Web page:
Battleborn – A Review after ~30 minutes play 0.5/5


First person multi-player shooter from Gearbox, the makers of the Borderlands series of games and now, along with Sony, the proud owners of £60 of my cash for a game I’m never going to play.

TL:DR – It’s not another Borderlands and it sucks royally for casual play.

The Good

For there are good things about Battleborn.  There’s a wide range of playable characters, even if how you get to them is just a tad arcane.  The graphics are excellent, top-notch Borderlands-esque stuff. And the comedy is still there.

And I’m out.  ‘Fraid it’s all downhill from here, folks.

The Bad

So…  The prologue, where you learn how to do stuff in-game, is entirely single-player.  And the only way for any given player to unlock specific characters to play in the game is to complete the prologue.  So everyone in the group has to go through the same prologue separately.

Split screen!  Ouch!  Think you need glasses?  You will if you want to read the in-game text in split screen mode.  Makes upgrading your character almost entirely random unless you get up and stand inches from the screen.  Oh, and the map’s on-screen the whole time in split-screen mode.

Infinite respawns!  Just like Borderlands, you get to respawn as often as you die in Battleborn, making it frustrating but ultimately do-able.  Oh, no, sorry.  Strike that, I meant the opposite.  You’ve a finite number of respawns in Battleborn before you’re dead and out of the game.  And if all of you die, you fail the mission and have to start again from scratch.  From. Scratch.  And this is even in the private story mode where no-one else can see what you’re doing.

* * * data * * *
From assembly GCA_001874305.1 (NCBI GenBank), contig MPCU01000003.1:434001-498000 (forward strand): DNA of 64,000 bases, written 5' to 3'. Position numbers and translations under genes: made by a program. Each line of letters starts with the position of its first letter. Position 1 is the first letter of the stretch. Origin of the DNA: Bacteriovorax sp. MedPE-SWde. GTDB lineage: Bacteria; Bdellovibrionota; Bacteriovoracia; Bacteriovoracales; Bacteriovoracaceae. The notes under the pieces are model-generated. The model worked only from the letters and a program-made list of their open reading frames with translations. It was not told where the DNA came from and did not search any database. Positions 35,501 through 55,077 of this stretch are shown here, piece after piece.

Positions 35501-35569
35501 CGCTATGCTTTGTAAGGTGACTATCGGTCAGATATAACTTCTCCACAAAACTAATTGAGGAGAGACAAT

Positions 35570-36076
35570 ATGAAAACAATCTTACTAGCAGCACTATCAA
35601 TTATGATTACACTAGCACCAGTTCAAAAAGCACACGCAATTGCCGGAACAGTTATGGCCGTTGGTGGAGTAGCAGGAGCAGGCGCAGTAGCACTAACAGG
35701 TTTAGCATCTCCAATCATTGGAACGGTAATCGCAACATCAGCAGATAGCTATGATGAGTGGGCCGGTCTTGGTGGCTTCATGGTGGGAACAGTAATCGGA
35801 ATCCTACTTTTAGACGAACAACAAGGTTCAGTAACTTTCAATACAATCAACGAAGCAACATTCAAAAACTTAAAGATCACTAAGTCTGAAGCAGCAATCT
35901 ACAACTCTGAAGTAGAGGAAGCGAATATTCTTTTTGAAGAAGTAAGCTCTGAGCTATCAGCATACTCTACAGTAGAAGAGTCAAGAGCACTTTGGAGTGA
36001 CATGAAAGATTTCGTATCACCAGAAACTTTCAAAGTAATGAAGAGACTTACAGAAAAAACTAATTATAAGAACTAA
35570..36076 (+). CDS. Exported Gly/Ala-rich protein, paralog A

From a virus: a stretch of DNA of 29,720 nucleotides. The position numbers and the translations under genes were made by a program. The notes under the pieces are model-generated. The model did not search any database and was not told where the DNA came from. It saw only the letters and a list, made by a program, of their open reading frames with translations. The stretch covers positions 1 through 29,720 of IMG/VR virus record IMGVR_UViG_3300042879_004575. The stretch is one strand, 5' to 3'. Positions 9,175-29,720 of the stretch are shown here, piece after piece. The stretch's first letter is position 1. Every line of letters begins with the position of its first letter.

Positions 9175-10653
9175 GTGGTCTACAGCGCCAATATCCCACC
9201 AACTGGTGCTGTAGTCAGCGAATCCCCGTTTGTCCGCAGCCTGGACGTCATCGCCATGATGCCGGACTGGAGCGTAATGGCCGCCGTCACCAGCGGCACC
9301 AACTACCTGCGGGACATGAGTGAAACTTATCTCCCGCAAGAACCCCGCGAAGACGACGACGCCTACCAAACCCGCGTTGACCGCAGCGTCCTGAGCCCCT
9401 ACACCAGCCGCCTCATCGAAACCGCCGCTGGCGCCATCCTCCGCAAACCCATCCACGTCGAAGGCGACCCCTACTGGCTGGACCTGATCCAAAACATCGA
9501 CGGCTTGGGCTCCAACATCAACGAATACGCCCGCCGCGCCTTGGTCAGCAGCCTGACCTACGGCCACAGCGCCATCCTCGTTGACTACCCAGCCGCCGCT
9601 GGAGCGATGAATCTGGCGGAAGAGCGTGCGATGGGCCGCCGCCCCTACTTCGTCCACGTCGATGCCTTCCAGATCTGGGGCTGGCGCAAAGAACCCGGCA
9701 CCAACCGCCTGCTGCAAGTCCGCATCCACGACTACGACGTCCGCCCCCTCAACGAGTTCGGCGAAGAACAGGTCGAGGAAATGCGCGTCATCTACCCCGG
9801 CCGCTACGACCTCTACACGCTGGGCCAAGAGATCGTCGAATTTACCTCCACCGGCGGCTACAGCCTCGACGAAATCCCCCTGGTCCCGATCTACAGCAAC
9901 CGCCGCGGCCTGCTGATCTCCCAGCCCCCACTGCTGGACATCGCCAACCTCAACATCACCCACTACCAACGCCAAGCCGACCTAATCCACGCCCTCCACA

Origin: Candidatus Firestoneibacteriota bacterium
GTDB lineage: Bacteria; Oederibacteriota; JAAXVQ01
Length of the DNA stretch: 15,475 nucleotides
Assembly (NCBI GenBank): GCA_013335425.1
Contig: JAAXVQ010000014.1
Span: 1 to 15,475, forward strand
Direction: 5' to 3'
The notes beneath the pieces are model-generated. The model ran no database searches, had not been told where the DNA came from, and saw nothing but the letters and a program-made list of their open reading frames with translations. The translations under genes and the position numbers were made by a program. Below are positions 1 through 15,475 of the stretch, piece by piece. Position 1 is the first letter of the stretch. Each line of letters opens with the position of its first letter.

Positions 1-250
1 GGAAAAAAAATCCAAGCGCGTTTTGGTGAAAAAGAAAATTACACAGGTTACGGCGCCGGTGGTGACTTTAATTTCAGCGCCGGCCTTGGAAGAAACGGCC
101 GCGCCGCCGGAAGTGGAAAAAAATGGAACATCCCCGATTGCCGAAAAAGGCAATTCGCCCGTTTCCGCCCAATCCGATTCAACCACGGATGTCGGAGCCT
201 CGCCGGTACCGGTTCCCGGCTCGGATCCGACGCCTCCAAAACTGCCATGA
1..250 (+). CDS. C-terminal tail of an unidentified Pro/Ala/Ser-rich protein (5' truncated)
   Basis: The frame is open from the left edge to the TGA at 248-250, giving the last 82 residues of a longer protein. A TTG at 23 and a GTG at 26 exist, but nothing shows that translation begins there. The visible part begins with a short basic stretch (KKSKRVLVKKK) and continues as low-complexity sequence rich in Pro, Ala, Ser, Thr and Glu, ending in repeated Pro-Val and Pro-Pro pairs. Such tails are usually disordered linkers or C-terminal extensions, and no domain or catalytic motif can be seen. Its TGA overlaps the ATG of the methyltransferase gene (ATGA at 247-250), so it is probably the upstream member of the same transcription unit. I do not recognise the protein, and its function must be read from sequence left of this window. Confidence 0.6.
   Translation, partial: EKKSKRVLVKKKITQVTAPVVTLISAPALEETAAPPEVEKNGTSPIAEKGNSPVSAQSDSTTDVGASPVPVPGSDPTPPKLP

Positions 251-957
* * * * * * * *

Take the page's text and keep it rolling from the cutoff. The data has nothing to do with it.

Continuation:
Time restrictions.  Ah, the joy of pausing Borderlands mid boss-battle in order to take a breather, get a fresh cup of tea, go collect the kids from school, hang out the washing…  Leave the game paused long enough and the characters start making sarcastic comments.  Battleborn reckons it knows better.  Each connection to the game servers – because, yes, it has to be continually connected to the network to work – is only kept open for a finite amount of time.  So you can imagine just how much fun it is to race through to a final boss battle only to get timed out.  Well, I can only imagine as I’ve given up playing this PoS, and we died before getting anywhere near a boss battle.

Levelling up.  Ah, the thrill of deciding where to put that hard-earned skill point.  Which ability will make your character better at doing what you want it to do.  We all like doing that, so in Battleborn they’ve decided that every time you play, you get to level your character up from scratch!  Oh, and it’s an either/or choice as each time there’s only 2 choices.  Not that I can read what they are…  So yeah, you work hard on a mission, spend your points wisely, pick up some badass gear and then…  You get to lose it all and start again from scratch next time!  Hooray!

The cartoons…  Which you are forced to watch because they’re unskippable…  Hideous anime-style shite that has clearly been chosen because someone liked Battle of the Planets.

The story mode.  Doesn’t really exist.  It’s just missions strung together.  As far as I can tell from Prologue plus maybe 5 minutes of Mission 1.

To Sum Up

Battleborn is not a game for the casual gamer.  It is a game for people who have dedicated, ring-fenced, gaming time, 70″ or better TVs and lots of friends who also have dedicated, ring-fenced, gaming time and massive TVs.

And the worst part is Sony won’t refund a digital purchase once you’ve downloaded it.

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